Tolkien is derivative.
He was very much a man of his time. His work today is recognized as being inherently conservative and deeply Catholic. And yes, it is truly a masterpiece, one of the great works of the English language. But he also was a man of his times. He was thoroughly immersed in modernism. He was surrounded by snide progressive hecklers that chided him mercilessly. He went from being shell shocked in The Great War to watching the countryside be utterly consumed by “progress”.
I hate to say it, but this is not at all the proper context for someone to write the definitive fantasy story of all time. If you haven’t read the signature fantasy works that predate his influence, you won’t be able to imagine this being the case, but the man really did pull his punches. He tiptoed around themes and questions that deserved to be met head on. He truncated his creative palette for the same reason authors do today: he wanted to be taken seriously and he knew there would be consequences for not walking the line.
What’s the alternative, you ask? Well… if you want to see what a full-throated expression of what an unadulterated fantasy genre could be like without the taint of Modernity and despair, then look no further than Lord Dunsany.
My favorite story of his is “Poltarnees, Beholder of Ocean.” I will say nothing to spoil this one for you. Seriously, go read it. No commentary can do it justice. I can’t name a single story that can compete with this one in terms of its capacity to produce undiluted wonder. It is the very definition of fantastic. In comparison, every author after Dunsany might as well have hid their light under a bushel basket.
For people wanting a more explicit handling of the central problem that “real” Fantasy must necessarily address, see “The Kith of the Elf Folk”. If “half elfs” are just another fantasy race in your imaginary worlds, I have to say… you are brain damaged. This is a sort of dementia that is on par with vampires being divorced from Christian lore and concepts of damnation. The correct answer for what is going on with this are unimaginable to most people because Tolkien either toned down his answer or else was so careful in filing the serial numbers off of what he produced that people could enjoy his work without thinking deeply about the consequences of elves and men intermingling when the former are necessarily barred from heaven.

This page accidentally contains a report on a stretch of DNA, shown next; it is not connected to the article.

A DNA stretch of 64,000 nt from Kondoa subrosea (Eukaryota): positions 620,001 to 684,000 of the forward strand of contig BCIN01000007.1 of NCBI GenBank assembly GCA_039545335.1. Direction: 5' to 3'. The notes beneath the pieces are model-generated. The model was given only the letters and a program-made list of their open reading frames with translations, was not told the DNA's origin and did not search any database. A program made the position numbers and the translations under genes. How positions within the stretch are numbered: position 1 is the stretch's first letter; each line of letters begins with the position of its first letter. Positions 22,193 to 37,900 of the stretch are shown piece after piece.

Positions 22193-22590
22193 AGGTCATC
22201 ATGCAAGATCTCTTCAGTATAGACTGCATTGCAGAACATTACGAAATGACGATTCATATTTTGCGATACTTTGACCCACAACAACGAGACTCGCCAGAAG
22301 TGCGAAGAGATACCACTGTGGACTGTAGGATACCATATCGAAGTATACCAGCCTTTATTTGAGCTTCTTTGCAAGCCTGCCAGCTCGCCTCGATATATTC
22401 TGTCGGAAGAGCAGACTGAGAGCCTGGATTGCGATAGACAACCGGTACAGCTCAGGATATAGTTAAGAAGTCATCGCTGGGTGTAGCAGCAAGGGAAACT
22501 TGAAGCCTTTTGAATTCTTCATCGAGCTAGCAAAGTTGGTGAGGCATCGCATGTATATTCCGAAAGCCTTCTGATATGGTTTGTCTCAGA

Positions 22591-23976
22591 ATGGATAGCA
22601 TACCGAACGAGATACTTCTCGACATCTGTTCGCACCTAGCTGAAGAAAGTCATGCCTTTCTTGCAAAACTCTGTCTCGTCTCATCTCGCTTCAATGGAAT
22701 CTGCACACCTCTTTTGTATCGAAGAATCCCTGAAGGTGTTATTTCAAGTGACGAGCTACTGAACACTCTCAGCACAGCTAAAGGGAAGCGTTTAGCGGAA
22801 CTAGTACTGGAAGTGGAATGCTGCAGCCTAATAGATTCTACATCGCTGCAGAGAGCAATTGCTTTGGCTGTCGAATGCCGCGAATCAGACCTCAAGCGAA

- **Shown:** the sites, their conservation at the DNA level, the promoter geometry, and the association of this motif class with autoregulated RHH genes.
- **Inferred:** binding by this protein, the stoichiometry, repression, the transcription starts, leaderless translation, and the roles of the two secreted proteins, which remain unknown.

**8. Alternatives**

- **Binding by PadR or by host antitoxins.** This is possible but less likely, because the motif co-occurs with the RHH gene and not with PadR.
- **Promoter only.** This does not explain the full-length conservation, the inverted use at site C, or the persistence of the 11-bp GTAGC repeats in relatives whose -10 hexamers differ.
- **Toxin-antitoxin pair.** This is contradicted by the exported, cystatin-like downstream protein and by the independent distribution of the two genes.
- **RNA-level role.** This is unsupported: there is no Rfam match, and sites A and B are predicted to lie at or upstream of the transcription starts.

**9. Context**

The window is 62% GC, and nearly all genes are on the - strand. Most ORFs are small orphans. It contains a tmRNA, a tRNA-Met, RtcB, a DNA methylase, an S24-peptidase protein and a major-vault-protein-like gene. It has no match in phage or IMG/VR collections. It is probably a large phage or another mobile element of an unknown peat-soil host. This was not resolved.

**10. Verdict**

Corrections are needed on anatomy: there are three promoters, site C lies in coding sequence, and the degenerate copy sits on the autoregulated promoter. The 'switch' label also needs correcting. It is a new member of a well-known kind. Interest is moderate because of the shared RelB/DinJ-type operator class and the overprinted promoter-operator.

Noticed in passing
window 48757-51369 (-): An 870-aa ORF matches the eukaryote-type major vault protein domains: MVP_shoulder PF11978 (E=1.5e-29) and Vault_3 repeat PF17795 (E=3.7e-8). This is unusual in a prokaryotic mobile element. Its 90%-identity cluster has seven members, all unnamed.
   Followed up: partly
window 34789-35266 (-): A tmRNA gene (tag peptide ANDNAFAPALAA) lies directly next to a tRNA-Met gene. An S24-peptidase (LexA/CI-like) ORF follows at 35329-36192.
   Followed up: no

For a third Dunsany story that brings something different to the table than either of these, I recommend “The Journey of the King.” Now, many people have chided me saying that reading “Appendix N” is not sufficient for people to get a solid grounding in the roots of fantasy. Don’t read a pile of yellowed paperbacks and pulp magazines, they say, but go read the stuff that the Appendix N authors themselves used for inspiration. It sounds good. It sounds smart. And heck, I actually agree with it. But without a doubt the one book that casts by far the longest shadow over the fantasy genre is going to be The King James Bible. This story shows why. If you want to tackle life’s toughest questions, if you want to create something that sounds authentic, like it may have really happened in the ancient world… if you want to be fluent in the patterns of language that create a palpable sense of portentousness and wisdom, if you want to tap in to that part of the human psyche that still had this very real concern that we’ve done something to offend a primal and jealous force… then read that book!
Or at the very least, go read Lord Dunsany and see how his immersion in that particular volume gave him a power and a command of the language that no creator since his time has enjoyed.